The moment I fell in love with Rebellion was at this dialogue from Mami Tomoe. For me, the crux of a magical girl story is always that in comparison to the world of magic, it’s inevitably the real world – even with all of its despair – that’s worth protecting. This is where the instruction manual for those struggling through adolescence shines through in the narrative. When Mami admits that this is the most fun she’s had, it was genuinely creepy to listen to. Fighting evil, even with the costume changes and magical trappings, is never supposed to be fun. It’s the flawed reality of the world where fun, joy, and love are found in spite of the darkness. Prefacing this line is the dissonant chanting around a table of sweets where a giant cake is born of the five girls’ magical powers. It’s all wonderfully weird and beautiful because everything in these scenes is just off enough to make the viewer uncomfortable.
As Homura makes her way through tearing down the dream world that she created for herself, Rebellion winks at us in the image above, asking us if we are entertained. After all, Rebellion is specifically crafted for the Madoka viewer. It’s indulgent, horrifying, and so very pretty to watch. Unable to leave things alone, Homura’s false world crumbles under her own investigation, leading to her eventual transformation into a demon that traps Madoka in another false world that allows Madoka to live a so-called normal life with Homura and company.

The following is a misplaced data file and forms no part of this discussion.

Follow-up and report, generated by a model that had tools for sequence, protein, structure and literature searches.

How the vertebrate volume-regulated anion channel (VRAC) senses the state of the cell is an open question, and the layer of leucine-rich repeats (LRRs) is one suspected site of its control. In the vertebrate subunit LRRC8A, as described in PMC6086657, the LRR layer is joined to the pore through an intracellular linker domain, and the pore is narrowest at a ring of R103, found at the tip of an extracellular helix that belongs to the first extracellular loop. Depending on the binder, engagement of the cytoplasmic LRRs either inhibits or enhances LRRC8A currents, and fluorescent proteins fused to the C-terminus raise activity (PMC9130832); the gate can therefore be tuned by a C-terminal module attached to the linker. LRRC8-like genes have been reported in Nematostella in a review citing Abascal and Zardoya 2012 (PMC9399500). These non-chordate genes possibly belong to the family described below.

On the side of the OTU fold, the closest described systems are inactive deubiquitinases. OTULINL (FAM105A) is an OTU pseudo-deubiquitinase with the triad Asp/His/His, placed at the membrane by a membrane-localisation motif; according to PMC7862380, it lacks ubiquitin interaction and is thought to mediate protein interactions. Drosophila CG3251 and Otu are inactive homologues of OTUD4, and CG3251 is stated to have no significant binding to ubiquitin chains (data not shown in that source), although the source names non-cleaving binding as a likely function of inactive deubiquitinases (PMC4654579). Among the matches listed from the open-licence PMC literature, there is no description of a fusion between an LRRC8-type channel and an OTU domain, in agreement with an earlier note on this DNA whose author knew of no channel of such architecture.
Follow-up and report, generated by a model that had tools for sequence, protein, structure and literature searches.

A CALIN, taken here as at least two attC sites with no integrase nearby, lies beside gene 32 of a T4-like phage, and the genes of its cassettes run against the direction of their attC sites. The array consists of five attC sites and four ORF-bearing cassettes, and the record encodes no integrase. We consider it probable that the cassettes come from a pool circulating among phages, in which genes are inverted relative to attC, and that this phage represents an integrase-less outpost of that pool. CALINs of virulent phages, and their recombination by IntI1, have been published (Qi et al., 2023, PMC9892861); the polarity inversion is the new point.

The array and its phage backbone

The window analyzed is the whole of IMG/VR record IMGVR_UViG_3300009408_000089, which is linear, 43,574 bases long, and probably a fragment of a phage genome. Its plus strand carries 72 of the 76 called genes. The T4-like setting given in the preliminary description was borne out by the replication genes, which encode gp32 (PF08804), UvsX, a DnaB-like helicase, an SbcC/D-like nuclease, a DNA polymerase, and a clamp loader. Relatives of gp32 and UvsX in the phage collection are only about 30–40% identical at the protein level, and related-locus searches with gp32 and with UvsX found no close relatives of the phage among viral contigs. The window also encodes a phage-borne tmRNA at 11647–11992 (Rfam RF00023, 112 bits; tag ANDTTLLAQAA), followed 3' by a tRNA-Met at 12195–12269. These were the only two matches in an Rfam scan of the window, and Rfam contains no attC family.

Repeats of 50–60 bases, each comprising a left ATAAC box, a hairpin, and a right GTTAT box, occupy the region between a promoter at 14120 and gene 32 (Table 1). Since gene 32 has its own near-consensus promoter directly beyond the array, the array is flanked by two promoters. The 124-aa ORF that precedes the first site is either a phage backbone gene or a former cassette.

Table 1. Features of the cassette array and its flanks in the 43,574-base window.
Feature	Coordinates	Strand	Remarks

It was this insistence on saving Madoka from any sort of suffering that is the most interesting thing about Rebellion as it actively challenges what I came to love about magical girl series and left me personally unsettled at the film’s end. As mentioned previously, magical girl series acknowledge that pain is a necessary part of life, but can be overcome with hope. The magic is a way of protecting this ordinary way of life, not a manner of eradicating pain completely. What Homura does is completely contrary to this, sealing Ultimate Madoka away against her wishes, selfishly ensuring that Madoka lives this life with her. Homura eschews the saccharine dream that she created as a witch only to rewrite the universe as something far more false and horrific.
Completely contrary to the original hopeful message of Puella Magi Madoka Magica the series – and additionally, magical girl series through the ages – Rebellion Homura revises the universe and perhaps discourse on Madoka as a whole. While it doesn’t mesh with the rest of the series, Rebellion certainly invites discussion. For me, it’s this discussion that drew me to Madoka in the first place, and now has renewed my love of the franchise.